Latest
Inspiration
EY Info
Tools
Premium Resources
TNL Jobs
About US
My TNL
Content Filters
Reset Filters
Inspiration
Inspiration
The latest and best ideas in early years
Early Years Info
Early Years Info
All about the sector, from A - Z
Tools
Tools
Tools, plans and resources to use everyday
Activity Plans
Activity Plans
Filter by EYFS area & children's ages
Interviews
Interviews
Hear from interesting sector colleagues
CPD
CPD
Up-skill, gain knowledge and develop
Health Matters
Health Matters
Looking after the physical and mental health of practitioners and children
Policy Packs
Policy Packs
Section for downloadable and updating TNL policies
Content Filters
Reset Filters
Inspiration
Inspiration
The latest and best ideas in early years
Early Years Info
Early Years Info
All about the sector, from A - Z
Tools
Tools
Tools, plans and resources to use everyday
Activity Plans
Activity Plans
Filter by EYFS area & children's ages
Interviews
Interviews
Hear from interesting sector colleagues
CPD
CPD
Up-skill, gain knowledge and develop
Health Matters
Health Matters
Looking after the physical and mental health of practitioners and children
Policy Packs
Policy Packs
Section for downloadable and updating TNL policies
Open Filters

How to: Encourage Basic Personal Hygiene

Did you know?

Early years settings are common sites for the transmission of infections as children are particularly susceptible.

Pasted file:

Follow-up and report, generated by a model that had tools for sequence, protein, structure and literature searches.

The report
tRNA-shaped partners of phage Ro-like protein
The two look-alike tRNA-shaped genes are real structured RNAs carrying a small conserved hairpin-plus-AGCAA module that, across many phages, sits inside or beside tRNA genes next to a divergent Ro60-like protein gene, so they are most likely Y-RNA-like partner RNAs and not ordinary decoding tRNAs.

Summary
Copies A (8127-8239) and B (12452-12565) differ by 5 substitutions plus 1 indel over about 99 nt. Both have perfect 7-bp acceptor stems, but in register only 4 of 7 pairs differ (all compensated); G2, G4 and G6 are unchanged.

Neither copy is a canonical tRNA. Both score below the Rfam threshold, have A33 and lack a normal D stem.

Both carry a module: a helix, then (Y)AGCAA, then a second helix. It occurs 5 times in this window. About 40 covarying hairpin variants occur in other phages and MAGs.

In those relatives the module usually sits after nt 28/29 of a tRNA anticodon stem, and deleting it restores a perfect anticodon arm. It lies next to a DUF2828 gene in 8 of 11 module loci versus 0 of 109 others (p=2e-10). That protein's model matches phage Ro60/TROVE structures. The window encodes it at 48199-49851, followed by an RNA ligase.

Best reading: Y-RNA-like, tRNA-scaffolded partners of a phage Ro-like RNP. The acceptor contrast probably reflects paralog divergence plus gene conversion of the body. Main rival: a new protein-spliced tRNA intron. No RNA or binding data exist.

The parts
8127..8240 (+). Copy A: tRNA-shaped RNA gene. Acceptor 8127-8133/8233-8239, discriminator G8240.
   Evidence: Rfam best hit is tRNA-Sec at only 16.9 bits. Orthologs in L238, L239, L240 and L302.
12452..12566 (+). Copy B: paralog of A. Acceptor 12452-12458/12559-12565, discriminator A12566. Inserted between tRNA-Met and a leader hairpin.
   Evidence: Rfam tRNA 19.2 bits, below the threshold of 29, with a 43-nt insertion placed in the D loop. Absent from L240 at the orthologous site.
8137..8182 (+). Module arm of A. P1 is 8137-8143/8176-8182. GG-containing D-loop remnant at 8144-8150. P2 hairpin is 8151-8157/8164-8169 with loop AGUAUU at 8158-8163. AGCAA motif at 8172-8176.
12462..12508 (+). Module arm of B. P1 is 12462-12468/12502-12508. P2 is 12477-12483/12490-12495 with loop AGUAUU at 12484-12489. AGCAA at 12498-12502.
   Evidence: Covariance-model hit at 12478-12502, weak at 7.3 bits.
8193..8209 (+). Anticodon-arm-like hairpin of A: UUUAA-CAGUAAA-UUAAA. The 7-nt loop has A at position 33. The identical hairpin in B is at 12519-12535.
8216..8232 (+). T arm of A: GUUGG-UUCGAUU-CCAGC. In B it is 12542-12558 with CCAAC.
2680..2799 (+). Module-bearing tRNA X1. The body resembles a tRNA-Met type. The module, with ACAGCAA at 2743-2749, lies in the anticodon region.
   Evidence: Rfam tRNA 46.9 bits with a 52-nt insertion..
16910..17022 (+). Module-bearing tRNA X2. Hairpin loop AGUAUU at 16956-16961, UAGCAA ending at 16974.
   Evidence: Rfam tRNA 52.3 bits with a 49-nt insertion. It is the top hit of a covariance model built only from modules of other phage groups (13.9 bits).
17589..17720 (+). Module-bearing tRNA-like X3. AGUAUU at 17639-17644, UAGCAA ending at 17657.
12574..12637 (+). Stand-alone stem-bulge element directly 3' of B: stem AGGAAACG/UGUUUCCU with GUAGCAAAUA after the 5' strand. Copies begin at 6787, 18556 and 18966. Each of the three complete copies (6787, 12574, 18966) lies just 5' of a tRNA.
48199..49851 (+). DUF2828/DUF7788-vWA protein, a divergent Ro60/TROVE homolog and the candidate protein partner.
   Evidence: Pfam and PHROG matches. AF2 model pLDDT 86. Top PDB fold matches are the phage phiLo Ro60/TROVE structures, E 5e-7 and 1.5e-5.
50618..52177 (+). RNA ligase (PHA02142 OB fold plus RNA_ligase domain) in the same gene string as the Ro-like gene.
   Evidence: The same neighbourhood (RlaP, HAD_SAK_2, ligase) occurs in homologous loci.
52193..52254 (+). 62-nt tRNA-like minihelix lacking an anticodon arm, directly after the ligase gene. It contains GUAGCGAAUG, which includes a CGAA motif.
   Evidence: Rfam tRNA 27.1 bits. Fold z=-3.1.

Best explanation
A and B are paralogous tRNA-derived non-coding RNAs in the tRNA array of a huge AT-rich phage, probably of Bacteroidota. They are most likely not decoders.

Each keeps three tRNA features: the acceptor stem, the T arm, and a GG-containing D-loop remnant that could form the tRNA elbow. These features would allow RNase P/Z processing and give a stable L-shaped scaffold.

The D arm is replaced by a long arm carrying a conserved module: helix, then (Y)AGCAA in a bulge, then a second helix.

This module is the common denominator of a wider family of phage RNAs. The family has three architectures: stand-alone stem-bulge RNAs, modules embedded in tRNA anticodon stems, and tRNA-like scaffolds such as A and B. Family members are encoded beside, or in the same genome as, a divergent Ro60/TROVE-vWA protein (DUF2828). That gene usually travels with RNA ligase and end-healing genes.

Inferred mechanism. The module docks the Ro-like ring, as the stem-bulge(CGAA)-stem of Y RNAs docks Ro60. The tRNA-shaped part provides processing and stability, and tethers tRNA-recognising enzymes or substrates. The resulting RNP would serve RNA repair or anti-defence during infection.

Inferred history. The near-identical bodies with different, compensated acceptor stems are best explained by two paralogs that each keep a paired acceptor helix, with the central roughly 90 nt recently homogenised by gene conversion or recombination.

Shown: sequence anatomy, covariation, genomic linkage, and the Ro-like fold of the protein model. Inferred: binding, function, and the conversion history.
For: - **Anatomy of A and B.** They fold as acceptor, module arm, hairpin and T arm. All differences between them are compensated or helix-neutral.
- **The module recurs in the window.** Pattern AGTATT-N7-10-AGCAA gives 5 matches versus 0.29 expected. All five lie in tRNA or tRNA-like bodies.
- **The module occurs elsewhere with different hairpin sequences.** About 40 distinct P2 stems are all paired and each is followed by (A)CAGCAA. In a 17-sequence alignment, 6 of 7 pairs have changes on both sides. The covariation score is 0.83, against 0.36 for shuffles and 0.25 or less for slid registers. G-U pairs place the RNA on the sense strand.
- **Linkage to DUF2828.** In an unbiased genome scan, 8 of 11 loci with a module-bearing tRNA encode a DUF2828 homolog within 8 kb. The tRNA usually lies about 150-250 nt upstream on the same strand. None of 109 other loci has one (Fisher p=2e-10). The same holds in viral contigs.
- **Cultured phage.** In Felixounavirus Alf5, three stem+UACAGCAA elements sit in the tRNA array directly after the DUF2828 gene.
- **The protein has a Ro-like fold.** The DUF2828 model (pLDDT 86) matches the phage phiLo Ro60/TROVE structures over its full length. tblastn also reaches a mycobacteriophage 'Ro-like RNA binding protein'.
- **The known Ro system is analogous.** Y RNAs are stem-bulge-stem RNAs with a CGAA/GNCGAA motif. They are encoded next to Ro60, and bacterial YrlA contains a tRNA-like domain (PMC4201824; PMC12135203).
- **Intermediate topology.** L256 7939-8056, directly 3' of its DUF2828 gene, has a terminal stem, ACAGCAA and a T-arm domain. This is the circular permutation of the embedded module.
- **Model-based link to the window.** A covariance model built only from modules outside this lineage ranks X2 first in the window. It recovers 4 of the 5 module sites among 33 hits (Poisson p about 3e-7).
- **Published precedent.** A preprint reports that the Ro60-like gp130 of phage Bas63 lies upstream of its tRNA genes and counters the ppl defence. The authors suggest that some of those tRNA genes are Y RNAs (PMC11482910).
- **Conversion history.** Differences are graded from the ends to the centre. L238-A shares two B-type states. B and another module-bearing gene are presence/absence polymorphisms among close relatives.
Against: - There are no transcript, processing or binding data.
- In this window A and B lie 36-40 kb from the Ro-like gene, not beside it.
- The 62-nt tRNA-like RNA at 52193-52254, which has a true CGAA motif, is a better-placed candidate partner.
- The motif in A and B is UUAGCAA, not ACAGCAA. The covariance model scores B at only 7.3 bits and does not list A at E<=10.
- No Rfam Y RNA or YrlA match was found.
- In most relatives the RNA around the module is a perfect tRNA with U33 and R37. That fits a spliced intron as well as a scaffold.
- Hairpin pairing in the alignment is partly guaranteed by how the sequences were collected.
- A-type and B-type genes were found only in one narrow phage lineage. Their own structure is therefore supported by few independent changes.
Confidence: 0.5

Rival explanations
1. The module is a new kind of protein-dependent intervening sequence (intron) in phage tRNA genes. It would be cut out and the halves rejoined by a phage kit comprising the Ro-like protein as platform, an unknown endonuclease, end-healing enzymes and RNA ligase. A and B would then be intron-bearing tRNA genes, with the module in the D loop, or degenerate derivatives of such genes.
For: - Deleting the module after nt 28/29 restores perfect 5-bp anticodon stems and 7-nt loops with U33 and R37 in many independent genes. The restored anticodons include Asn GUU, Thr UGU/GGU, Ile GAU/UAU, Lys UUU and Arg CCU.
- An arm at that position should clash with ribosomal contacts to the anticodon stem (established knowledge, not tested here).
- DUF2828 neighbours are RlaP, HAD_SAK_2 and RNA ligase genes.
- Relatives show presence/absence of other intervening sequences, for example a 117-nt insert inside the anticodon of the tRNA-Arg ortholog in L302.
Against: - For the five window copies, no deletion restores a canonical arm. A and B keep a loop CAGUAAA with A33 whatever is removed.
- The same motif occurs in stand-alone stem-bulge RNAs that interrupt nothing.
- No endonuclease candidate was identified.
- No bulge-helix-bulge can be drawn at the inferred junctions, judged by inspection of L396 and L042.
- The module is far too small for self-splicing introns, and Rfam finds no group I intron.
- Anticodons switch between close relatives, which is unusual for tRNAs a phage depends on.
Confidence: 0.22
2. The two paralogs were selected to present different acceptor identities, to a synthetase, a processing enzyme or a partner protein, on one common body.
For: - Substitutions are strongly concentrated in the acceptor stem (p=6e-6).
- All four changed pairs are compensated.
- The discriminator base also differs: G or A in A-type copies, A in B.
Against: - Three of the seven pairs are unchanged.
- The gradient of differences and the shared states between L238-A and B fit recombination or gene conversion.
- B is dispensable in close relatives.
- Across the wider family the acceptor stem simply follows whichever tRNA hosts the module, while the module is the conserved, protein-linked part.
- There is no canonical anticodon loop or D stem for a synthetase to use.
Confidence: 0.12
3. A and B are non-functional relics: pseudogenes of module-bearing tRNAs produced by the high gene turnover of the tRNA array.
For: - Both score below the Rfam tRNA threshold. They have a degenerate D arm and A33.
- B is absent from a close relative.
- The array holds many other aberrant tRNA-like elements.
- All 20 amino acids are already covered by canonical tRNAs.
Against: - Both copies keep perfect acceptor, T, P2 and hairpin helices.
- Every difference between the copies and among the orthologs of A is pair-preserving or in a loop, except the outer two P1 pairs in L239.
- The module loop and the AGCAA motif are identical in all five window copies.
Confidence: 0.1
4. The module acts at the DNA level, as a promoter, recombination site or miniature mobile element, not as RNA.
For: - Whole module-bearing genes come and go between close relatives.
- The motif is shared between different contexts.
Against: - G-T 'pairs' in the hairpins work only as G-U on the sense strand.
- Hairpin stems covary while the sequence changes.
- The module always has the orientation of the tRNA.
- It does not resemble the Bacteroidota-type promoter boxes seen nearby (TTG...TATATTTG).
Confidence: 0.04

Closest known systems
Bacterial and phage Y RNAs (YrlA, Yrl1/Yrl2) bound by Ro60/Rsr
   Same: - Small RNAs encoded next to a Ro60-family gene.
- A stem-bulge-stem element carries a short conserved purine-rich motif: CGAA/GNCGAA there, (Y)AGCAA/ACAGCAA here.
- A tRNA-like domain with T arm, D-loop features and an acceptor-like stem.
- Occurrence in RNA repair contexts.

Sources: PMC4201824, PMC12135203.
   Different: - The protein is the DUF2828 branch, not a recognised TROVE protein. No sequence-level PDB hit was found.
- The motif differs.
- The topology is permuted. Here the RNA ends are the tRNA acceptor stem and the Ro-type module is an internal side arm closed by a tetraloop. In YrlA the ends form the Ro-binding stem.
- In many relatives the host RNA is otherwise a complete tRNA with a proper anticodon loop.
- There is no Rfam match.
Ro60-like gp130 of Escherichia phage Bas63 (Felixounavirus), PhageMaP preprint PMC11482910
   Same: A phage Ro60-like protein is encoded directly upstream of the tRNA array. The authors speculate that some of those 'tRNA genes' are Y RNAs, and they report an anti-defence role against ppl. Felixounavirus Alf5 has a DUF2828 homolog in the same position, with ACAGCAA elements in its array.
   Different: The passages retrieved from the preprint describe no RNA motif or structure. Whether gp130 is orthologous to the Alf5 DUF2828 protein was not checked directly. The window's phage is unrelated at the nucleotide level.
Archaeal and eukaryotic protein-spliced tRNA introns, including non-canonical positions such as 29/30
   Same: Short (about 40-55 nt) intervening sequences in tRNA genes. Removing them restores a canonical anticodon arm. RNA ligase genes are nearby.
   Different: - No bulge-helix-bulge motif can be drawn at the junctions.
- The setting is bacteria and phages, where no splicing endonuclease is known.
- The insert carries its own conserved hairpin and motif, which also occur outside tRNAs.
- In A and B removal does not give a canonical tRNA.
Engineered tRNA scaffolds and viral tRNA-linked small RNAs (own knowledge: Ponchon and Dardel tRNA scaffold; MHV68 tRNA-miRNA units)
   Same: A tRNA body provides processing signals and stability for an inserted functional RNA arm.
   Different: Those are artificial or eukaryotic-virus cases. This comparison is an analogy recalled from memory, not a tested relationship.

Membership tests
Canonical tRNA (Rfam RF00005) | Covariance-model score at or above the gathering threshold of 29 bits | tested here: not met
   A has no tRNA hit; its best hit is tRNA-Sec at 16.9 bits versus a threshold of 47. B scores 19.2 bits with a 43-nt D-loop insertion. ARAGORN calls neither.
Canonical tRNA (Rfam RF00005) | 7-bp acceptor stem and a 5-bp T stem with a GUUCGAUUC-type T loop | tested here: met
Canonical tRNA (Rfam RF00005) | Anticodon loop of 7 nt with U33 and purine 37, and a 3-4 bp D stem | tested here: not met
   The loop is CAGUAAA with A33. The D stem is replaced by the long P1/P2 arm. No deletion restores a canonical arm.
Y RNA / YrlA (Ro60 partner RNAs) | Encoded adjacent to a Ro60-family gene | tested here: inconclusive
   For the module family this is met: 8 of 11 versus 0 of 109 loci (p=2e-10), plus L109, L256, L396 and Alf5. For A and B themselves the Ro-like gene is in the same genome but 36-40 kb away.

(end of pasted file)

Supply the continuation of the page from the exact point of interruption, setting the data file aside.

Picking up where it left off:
This can be due to:

  • Their still developing immune systems.
  • Close contact with other children.
  • Sometimes incomplete vaccinations, or not having had the opportunity to be vaccinated at all.
  • Poor understanding of hygiene practices.

Encouraging good, healthy habits from a young age sets children up to be more hygienic (and therefore healthy) in later life. Learning self-hygiene tasks not only gives children more independence and agency over their own self-care, but also makes your setting a healthier place, too!

Of course we should also remain mindful that good hygiene does not mean obsessive hygiene deleterious to children’s health either. Being hygienic does not mean that they cannot play normally and explore the small worlds and nooks of their environment, for example, and it is important for children to develop their immune systems too.

Photo by Myriam Zilles from Pexels

Good hygiene doesn’t just help children with physical health, however. If a child has poor personal hygiene this can be a source of bad reactions from their peers and cause emotional damage as their learning experience is complicated by their negative social interactions.

To promote good hygiene to your early years:

  • Model good habits yourself, e.g. washing your hands thoroughly (and visibly) before snack time or after blowing your nose and covering your mouth when coughing.
  • Encourage discussions with children about why we need to keep our bodies clean and healthy, and what steps we can take to do that (having regular baths or showers, properly brushing our teeth, etc.)
  • Enable children to consider what situations may be hotspots for germs, such as going to the toilet or playing in mud, and what they need to do after this, such as hand-washing and making sure their clothes are clean/changed.
  • Teach them how to blow their nose into a tissue, rather than wiping it on their arm or sleeve. Encourage children to throw away their tissues as soon as they’ve been used and wash their hands immediately.
  • Show children how to cough into the crook of their arm.

For a handy way to teach your early years how to blow their nose, take a look at this simple video!

Here at TNL we’re committed to providing the most useful content to Early Years practitioners. Feel free to get in touch on our socials if you found this article useful!